The business was good to the 90-year-old DeSantis, who eventually became president of the New York State Restaurant Association and still lives in Lake George during the summer. Every week, he eats out at a different restaurant in the area with a group of friends who call themselves the Romeo WW club — Retired Old Men Eating Without Women. They’ve visited almost every restaurant in the surrounding towns, except one. “We go all around to eat, to dozens of restaurants, but we never go to HoJo’s,” DeSantis said. “Not that one. I’m not going there, not after what I’ve heard. It’s so bad. The service is poor, very poor, and the product is just not good anymore.”

In 1959, Howard Johnson stepped down as head of the company and his son, Howard Brennan “Bud” Johnson, formally took over. While the elder Johnson remained involved throughout the ’60s, it was arguably the beginning of the end: Bud focused relentlessly on cutting expenses, from marketing costs to the supervision budget, which had once ensured timely service and consistency across locations. Eventually, Bud went after the company’s food expenditures, which amounted to 48 percent of its gross revenue — far higher than the industry average of about a third.

After the company went public in 1961, DeSantis recalls mounting pressure from shareholders to cut spending as well. As falling budgets degraded the quality of the food, the iron-clad system that Johnson devised to maintain consistency became one of the restaurant’s downfalls, since it bound franchisees to a supply chain and brand that was rapidly deteriorating. In Lake George, DeSantis began hearing from customers that Howard Johnson’s felt like fast food served slow.

The rise of fast food and the resulting change in American tastes were death blows. A complicated series of sales, mergers, and spinoffs began in 1979, when Howard Johnson’s, which by then consisted of 1,040 restaurants and 520 motor inns, was sold to a British company for $630 million. Over the next several years, the brand was passed around from company to company: The motor lodges, which Howard Johnson began building in 1954 to extend his vision of hospitality for highway travelers, were split off from the restaurants as a hotel chain, while the franchised restaurants were cleaved from the corporate ones, which were then either rebranded or closed.

In 1986, the remaining franchise owners formed an association, imaginatively named Franchise Associates, and bought the exclusive rights to the Howard Johnson’s restaurant trademark and all remaining locations. They learned little from the company’s earlier mistakes — or perhaps people just stopped caring about HoJo’s — and by the early ’90s, only a hundred or so Howard Johnson’s remained, a number that continued to diminish over the next 20 years. Now there’s just one.

Carl DeSantis got out early. He starting selling his Howard Johnson’s and other restaurants in the ’80s, parceling them off one by one until he retired and handed the family company off to his son, Joe, in 1995. In 2011, Joe DeSantis closed the Lake George restaurant. As he began preparing it for demolition, he placed calls to former employees — really, anyone connected to the restaurant — to see if someone would take on the project of reviving the space, just in case.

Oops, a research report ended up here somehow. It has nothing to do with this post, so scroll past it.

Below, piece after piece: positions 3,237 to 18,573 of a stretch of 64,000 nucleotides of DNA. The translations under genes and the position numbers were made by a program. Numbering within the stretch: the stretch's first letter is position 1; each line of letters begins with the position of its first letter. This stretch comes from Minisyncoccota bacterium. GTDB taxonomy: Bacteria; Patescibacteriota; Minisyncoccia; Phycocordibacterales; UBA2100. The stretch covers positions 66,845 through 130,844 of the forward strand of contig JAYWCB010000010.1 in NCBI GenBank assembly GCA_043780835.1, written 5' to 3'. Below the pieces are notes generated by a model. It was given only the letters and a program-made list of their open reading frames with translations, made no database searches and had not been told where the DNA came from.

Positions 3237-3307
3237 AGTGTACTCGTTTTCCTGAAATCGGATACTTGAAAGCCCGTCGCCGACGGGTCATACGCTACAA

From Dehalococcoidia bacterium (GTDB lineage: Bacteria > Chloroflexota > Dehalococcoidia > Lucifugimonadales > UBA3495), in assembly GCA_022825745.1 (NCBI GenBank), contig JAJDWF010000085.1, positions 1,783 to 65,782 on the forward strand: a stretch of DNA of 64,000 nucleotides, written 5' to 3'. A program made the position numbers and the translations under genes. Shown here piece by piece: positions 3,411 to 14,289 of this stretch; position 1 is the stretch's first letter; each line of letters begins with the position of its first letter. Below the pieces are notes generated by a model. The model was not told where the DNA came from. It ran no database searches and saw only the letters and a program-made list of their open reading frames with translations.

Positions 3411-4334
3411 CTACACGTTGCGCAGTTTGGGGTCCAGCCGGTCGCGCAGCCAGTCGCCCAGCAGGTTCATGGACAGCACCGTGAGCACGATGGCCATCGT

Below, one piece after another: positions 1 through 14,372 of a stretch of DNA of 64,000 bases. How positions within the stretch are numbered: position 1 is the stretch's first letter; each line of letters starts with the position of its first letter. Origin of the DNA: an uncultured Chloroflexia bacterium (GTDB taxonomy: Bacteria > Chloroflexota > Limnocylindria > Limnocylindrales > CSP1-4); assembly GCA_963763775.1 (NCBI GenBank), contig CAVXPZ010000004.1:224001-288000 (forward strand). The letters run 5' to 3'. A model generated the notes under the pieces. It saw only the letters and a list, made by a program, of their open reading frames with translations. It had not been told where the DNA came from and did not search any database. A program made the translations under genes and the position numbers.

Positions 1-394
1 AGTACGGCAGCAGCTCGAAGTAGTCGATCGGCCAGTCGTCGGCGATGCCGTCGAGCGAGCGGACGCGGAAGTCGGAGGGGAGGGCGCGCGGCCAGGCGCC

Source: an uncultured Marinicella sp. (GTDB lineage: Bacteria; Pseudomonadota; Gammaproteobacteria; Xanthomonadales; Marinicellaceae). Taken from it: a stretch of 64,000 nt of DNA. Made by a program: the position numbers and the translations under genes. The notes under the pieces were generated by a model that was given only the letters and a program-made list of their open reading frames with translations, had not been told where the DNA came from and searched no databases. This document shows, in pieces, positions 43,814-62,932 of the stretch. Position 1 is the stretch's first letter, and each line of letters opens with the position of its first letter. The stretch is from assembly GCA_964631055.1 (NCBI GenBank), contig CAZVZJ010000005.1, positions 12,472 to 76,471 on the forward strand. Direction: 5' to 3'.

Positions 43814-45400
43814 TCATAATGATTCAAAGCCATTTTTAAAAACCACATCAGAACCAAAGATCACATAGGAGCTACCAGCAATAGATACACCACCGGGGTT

LaRock, who used to run the graveyard shift, agreed to lease it from the younger DeSantis. The restaurant was ready to be leveled, so it was in disarray, its electrical wiring stripped and its panel boxes removed. LaRock spent close to $200,000 to make the place functional again, replacing the original kitchen equipment and electrical system in its entirety before re-opening in January of 2015. “I didn’t want to see another building get torn down, I guess,” he told me.

Even with improvements, the building turned out to hold far less value than the name, which LaRock is allowed to carry simply because it was grandfathered in from a previous franchise in a building still in the possession of its original owner. You can’t just open up another Howard Johnson’s anymore.

Despite LaRock’s pacing, the snow came and went throughout the day in Lake George. Later that night, there were just three open bars in town, and one of them lost power at around 8 p.m. a row of hotels went dark soon after, so everyone slushed over to the one tavern with a generator. Overnight, Lake George received around six inches of snow.

LaRock wasn’t awake to witness the brunt of it because, like most mornings, he had to rise at 4 a.m. to get the restaurant up and running. The roads were rough, but plowed — manageable enough to drive to the restaurant. Upon arrival, LaRock was dismayed to find that both the power and gas were out. Fifteen minutes later, they came back to life, allowing him to reset the gas valves and light all the stoves. The building began to hum.

There are usually six or seven cooks in the summer, but in the winter, LaRock is the only one in the kitchen. Not being able to afford another cook in the off-season means that he often doesn’t leave the restaurant all day. “I love it now,” LaRock told me. “I don’t mind putting in 80 or 90 hours a week because I enjoy it. It doesn’t feel like I have to go to work, I actually enjoy coming here. I get to meet a lot of people.” LaRock’s eyes match the light blue of his short-sleeve button-up, but are weighed down by the permanent bags of someone who has rarely seen more than a few hours of sleep a night for years on end. When I asked how old he was, after several scoffs, he admitted to being in his early fifties, though according to public records, he just turned 64.